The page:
Keeping the "Travel" in Traveling...

Traveling through train stations, Paris...

Holiday travel, well travel at all, is stressful business. But for me, getting there is half, if not most of the fun. I put that theory to the test this year as I returned to France from Philadelphia. It still stands. Budget travel may be uncomfortable but it pays you back in other ways.

The return included flights and trains, car rides and sprints. A ride to the Philadelphia airport, complete with traffic backups on I-95, was just the beginning. The first leg of my journey included a flight to Chicago. Not quite in the direction of France, but the crying baby next to me and the entertainment-less fight (oh United...) kept me distracted. This was also a low point.

Once at O'Hare (hi Chicago!) I sprinted to concourse B, with just 50 minutes to make my connection. Fortunately we were on time, but I didn't know the airport at all. With my backpack and computer bag in tow, I sprinted as best I could to concourse C only to find that my flight was actually back at concourse B. I sprinted back, not unlike the McAllisters in Home Alone. I made my connection with minutes to spare.

Then 8 hours over the Atlantic with no movies, pitiful food, and a Frenchman who insisted on snacking on vinegar chips while we tried to sleep all convinced me that I don't need to fly United ever again. Landing in Paris and making it through customs and baggage claim effortlessly, the RER and metro whisked me home for a few minutes by way of Gare du Nord. Then it was back to the metro, to Gare de Lyon, and a 6 hour TGV ride to Antibes for New Year's Eve. I was just shy of 24 hours of travel, with a total of 2 hours of sleep, but I wouldn't have it any other way.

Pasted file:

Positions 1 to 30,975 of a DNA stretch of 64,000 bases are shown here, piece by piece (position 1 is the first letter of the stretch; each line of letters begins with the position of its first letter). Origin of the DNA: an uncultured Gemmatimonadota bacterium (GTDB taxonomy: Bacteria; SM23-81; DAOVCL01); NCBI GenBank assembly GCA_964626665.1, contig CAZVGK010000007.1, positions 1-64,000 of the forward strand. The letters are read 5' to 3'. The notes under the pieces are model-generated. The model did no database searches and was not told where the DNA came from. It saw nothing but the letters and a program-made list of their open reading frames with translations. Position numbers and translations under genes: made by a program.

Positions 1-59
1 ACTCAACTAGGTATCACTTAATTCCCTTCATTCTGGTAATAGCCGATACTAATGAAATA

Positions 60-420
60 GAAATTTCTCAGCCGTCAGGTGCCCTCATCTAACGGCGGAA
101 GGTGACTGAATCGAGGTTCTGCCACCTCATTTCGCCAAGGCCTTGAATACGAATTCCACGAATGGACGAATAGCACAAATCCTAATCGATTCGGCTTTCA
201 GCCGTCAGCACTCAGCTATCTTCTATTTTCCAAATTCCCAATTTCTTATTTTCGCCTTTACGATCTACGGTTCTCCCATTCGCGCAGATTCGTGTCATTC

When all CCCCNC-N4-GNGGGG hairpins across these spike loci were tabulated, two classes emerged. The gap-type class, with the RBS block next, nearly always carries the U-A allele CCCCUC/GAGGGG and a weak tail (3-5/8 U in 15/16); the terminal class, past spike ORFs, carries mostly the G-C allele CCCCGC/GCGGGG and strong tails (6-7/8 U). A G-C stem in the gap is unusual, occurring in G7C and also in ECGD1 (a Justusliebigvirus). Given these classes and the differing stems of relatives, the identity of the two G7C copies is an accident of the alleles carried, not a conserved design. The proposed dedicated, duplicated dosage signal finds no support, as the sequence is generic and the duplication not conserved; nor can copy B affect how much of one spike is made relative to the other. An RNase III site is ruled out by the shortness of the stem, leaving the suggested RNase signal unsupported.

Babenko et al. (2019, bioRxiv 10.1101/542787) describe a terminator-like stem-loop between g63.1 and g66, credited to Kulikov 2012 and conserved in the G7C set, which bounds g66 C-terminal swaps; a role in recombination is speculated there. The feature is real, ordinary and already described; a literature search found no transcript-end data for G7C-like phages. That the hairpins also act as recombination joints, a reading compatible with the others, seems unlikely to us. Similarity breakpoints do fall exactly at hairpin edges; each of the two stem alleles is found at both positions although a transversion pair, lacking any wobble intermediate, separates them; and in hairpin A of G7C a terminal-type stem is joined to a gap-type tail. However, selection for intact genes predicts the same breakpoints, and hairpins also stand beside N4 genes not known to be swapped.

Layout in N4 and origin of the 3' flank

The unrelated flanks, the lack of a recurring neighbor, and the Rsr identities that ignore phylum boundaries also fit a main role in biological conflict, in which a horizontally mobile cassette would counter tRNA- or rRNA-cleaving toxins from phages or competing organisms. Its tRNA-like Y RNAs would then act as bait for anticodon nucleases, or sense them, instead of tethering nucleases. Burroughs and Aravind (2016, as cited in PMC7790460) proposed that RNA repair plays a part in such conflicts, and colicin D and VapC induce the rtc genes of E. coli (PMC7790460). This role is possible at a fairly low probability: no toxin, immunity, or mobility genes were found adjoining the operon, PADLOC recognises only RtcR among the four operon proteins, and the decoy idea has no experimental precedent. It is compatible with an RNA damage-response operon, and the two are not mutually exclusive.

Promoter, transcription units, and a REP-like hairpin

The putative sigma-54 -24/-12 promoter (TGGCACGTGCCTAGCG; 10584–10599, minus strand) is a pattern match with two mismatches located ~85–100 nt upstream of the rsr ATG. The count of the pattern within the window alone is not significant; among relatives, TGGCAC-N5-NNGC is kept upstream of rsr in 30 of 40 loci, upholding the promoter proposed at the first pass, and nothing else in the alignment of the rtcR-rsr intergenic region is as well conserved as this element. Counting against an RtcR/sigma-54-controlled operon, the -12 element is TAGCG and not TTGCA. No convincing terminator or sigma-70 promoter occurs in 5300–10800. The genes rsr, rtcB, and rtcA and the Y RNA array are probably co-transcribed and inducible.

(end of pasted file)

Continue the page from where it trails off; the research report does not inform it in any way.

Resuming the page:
Grand Central, quite the hub....but as bad as Gare du Nord?

I was tired, achey, and hungry, but I couldn't have been more happy to be in transit.

Sure, trying to travel fast and easy has its perks -- good movies, distractions, easy sleeping. But you miss so much. Looking at the stars from the sky at 2AM over the Atlantic, with not a manmade light to be seen, it's magical. Plus, without a nice movie selection, what else could I do if I wasn't asleep? 

The sunrise over the cotton candy clouds as we approached France wasn't even worth photographing because no image could capture that moment.

The snow-topped mountains from the TGV, the churches in the tiny villages, and the wide stretches of farmland aren't something you notice when your nose is in a book or you eyes are on a movie or flying quickly over France. The agonizingly slow train ride is still my favorite way to head south to visit my family, even if it isn't necessariy the quickest trip.

I won't take United next time, at least I'll try not. Even I have standards. But taking the scenic route to save a few bucks is still OK by me. Don't get me wrong, I fully appreciate arriving at my destination. It just seems like we're trying to take the travel aspect out of traveling with gadgets, gizmos, and other modern comforts. There's a reason the word travel looks like the French "travailler" for work or labor (win for etymology; Wikipedia confirms). Hard work pays off. Call me old-fashioned, but I like the imperfect journey, even if I could do without the crying babies...